Stitz-Zeager_College_Algebra_e-book

Our last example in the section demonstrates how

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Unformatted text preview: llowing inequalities analytically; check your answers graphically. 1. |x − 1| ≥ 3 3. 2 < |x − 1| ≤ 5 2. 4 − 3|2x + 1| > −2 4. |x + 1| ≥ x+4 2 Solution. 1. To solve |x − 1| ≥ 3, we seek solutions to |x − 1| > 3 as well as solutions to |x − 1| = 3. From Theorem 2.3, |x − 1| > 3 is equivalent to x − 1 < −3 or x − 1 > 3. From Theorem 2.1, |x − 1| = 3 is equivalent to x − 1 = −3 or x − 1 = 3. Combining these equations with the inequalities, we solve x − 1 ≤ −3 or x − 1 ≥ 3. Our answer is x ≤ −2 or x ≥ 4, which, in interval notation is (−∞, −2] ∪ [4, ∞). Graphically, we have 158 Linear and Quadratic Functions y 4 3 2 −4 −3 −2 −1 1 2 3 4 5 x We see the graph of y = |x − 1| (the ∨) is above the horizontal line y = 3 for x < −2 and x > 4, and, hence, this is where |x − 1| > 3. The two graphs intersect when x = −2 and x = 4, and so we have graphical confirmation of our analytic solution. 2. To solve 4 −...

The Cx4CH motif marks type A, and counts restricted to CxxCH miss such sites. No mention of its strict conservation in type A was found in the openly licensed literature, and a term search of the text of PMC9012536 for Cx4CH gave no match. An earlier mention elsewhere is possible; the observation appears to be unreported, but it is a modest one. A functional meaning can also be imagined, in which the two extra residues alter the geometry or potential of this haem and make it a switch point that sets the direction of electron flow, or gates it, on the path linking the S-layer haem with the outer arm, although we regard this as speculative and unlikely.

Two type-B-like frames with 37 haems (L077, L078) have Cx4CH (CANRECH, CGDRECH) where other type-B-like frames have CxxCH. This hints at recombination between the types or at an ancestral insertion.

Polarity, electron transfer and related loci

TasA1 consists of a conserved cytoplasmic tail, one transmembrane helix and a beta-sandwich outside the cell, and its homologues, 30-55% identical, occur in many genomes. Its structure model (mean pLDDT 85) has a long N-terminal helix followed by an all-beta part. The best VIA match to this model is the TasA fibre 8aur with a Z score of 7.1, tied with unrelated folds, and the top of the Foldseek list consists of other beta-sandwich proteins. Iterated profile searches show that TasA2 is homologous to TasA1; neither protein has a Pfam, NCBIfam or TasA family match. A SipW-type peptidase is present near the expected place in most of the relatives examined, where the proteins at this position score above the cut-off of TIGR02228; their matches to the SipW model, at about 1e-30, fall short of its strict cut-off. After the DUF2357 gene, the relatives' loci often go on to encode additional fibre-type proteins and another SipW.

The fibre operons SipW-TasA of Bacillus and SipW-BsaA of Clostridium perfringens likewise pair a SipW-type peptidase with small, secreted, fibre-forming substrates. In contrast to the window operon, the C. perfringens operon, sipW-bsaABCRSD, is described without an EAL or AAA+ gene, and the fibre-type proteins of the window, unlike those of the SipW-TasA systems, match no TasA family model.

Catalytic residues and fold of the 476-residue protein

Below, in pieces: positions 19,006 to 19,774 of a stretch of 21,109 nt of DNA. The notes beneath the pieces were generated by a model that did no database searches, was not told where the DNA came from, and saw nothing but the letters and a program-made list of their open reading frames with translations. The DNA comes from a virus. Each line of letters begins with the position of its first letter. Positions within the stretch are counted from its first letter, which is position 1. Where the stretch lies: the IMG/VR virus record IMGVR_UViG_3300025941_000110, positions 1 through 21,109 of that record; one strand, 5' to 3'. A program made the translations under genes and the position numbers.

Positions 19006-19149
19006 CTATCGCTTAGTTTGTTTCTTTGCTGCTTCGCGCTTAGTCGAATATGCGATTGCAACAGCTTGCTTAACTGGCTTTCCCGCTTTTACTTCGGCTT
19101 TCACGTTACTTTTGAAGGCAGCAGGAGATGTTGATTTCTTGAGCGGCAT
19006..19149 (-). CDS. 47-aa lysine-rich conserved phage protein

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This note was uploaded on 05/03/2013 for the course MATH Algebra taught by Professor Wong during the Fall '13 term at Chicago Academy High School.

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